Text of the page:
Friday, 20 December 2019

Friday 20th December - Death of a Wombat

Today is the last day of term for a lot of people, so I hope you have a good one because it's not a particularly inspiring morning here.  It's chilly and wet and my sciatica has returned with a vengeance.  I seemed to remember asking Father Christmas for a pony, but instead he seems to have delivered a right good kicking to my lower back, left knee and ankle.  I know a fair number of you are sufferers too and so you have my warmest wishes today that your hot water bottle remains true.  Well, I have strawberry jam to make so I best crack on with today's tear-jerker and it is extremely timely, what with today being Friday...

Death of a Wombat (1869) Dante Gabriel Rossetti
The poem below the drawing reads:

I never reared a young Wombat
To glad me with his pin-hole eye,
But when he most was sweet & fat
And tail-less, he was sure to die!

Goodness me, where to start with Rossetti...? Let's start with Wombat Friday, which it is of course today.  I can't believe it was almost six years ago that I wrote this defense of #WombatFriday and the participation of the National Trust with the shenanigans.  I'm more than delighted to reveal that, come February, there will be more wombat fun-and-games at a certain art gallery by the sea, but I'll tell you more about that next year.  May I wish you a merry Wombat Friday, but for now let's return to the misery.

The marvellous Raine Szramski in wombat action...
Oh Rossetti, you massive mess. It's not hard to see how complicated the whole relationship with the wombat is, not least because he called the wombat Topsy, the nickname of his best friend, whose wife he was also in love with.  It is assumed that Rossetti named the wombat after Morris, and that is more likely than not, however it is the sentiment behind such a naming that is very much open to debate.  Did he do it to mock Morris as Rossetti had it away with his wife?  Unlikely, because firstly Rossetti absolutely loved the wombat and Morris, and also had so many horrible medical complications that he wasn't capable of having it away with anyone, well, not physically.  Undeniably, Rossetti's relationship with Jane was an affair but let's not bring everyone's down-belows into it.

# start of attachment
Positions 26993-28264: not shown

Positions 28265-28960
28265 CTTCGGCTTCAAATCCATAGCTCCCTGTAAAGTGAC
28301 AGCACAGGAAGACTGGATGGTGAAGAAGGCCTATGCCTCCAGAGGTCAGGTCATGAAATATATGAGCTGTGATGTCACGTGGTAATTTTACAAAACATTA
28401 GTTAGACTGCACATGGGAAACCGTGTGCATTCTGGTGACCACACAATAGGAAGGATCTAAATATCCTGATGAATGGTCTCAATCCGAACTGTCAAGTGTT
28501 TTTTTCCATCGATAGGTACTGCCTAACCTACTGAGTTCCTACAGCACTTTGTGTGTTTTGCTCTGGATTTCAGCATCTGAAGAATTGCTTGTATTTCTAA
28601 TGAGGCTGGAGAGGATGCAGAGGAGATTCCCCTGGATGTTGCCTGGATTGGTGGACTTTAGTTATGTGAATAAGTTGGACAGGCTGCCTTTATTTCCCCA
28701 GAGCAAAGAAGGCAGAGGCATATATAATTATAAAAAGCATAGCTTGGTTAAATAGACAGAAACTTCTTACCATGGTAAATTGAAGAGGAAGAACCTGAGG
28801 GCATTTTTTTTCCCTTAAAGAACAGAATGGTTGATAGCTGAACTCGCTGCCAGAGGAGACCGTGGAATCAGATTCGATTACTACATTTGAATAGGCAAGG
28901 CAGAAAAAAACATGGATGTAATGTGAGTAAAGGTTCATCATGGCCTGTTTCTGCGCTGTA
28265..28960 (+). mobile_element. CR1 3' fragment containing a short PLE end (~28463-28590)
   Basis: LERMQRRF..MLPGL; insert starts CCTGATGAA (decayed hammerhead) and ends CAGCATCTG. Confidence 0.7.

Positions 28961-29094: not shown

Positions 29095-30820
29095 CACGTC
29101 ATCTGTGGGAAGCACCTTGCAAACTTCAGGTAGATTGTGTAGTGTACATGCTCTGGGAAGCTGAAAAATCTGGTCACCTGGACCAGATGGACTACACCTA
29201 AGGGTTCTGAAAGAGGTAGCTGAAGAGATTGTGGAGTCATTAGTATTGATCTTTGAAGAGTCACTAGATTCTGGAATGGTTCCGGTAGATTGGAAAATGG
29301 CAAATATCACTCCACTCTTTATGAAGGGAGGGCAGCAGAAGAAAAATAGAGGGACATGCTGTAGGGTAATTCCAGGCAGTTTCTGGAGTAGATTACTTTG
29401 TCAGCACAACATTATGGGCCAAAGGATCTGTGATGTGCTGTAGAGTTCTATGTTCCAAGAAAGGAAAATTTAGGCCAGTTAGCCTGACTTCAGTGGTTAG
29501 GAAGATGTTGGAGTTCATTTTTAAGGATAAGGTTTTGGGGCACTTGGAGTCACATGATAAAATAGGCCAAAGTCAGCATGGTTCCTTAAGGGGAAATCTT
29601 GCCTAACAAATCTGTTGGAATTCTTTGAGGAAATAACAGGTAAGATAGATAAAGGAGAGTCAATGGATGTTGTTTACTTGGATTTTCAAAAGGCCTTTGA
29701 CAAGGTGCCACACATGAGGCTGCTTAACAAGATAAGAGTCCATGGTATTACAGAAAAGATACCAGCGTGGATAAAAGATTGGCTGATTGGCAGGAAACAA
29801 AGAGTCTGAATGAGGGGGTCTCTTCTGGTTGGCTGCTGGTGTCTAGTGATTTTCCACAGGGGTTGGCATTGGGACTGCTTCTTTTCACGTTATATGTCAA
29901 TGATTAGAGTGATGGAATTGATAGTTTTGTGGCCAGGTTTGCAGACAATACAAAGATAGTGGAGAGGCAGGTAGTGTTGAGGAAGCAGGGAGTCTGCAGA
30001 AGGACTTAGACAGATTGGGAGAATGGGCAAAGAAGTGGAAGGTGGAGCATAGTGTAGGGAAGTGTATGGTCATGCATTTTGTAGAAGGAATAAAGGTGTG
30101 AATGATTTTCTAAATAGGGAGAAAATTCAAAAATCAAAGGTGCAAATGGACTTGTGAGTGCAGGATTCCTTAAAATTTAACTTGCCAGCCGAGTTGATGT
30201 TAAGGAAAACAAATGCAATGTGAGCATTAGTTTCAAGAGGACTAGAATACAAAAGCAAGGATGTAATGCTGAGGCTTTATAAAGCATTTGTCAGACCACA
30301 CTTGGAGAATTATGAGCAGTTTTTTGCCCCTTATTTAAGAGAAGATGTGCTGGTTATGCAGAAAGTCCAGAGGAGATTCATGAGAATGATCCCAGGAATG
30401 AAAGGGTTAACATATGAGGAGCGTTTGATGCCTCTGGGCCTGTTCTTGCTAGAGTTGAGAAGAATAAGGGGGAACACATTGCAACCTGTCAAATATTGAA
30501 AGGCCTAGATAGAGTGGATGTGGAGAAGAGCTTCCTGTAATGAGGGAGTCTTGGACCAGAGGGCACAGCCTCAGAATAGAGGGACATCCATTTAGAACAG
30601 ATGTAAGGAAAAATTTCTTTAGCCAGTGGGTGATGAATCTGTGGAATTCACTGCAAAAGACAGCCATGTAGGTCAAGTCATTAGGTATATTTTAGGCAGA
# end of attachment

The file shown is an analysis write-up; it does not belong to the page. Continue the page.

Mrs Morris and Wombat (c.1869) D G Rossetti
I think Rossetti's love for the wombat reflected his love for Morris, but if we know anything about Rossetti, we know he was an extremely complicated man who took drugs, thus making himself even more complicated. There is a moment in the wonderful The Love School where Rossetti is being an absolute treasure to his assembled friends but then Morris recites a poem to much acclaim and you see Rossetti's face change.  Like a petty, jealous sibling you can see him deciding to take the next opportunity to remind everyone who is the most important.  I also don't think he was fool enough to not realise he was like this and spent a good part of his later life trapped in a personal hell of both being appalling to others and knowing how appalling he was, but unable to help it.
The Invalid - Cheyne Walk 1869 (2017) Walton Ford
Also, I read a very interesting interpretation of the wombat death in Poetical Remains: Poet's Graves, Bodies and Books in the Nineteenth Century by Samantha Matthews.  Matthews suggests that Topsy's death, due to Rossetti's neglect and incapability to care properly for it, was reflective of Elizabeth Siddal's demise and so when Rossetti launched into his elaborate and wholehearted grief at the death of Top, who he had only owned for a few months, it was not about the wombat, but about Siddal.  In the poem below the image, a parody of Lalla Rookh (1817) by Thomas Moore, he seems to infer that such a pleasing and delightful creature was certain to die because it knew him. Goodness me, it's all about you, isn't it Rossetti?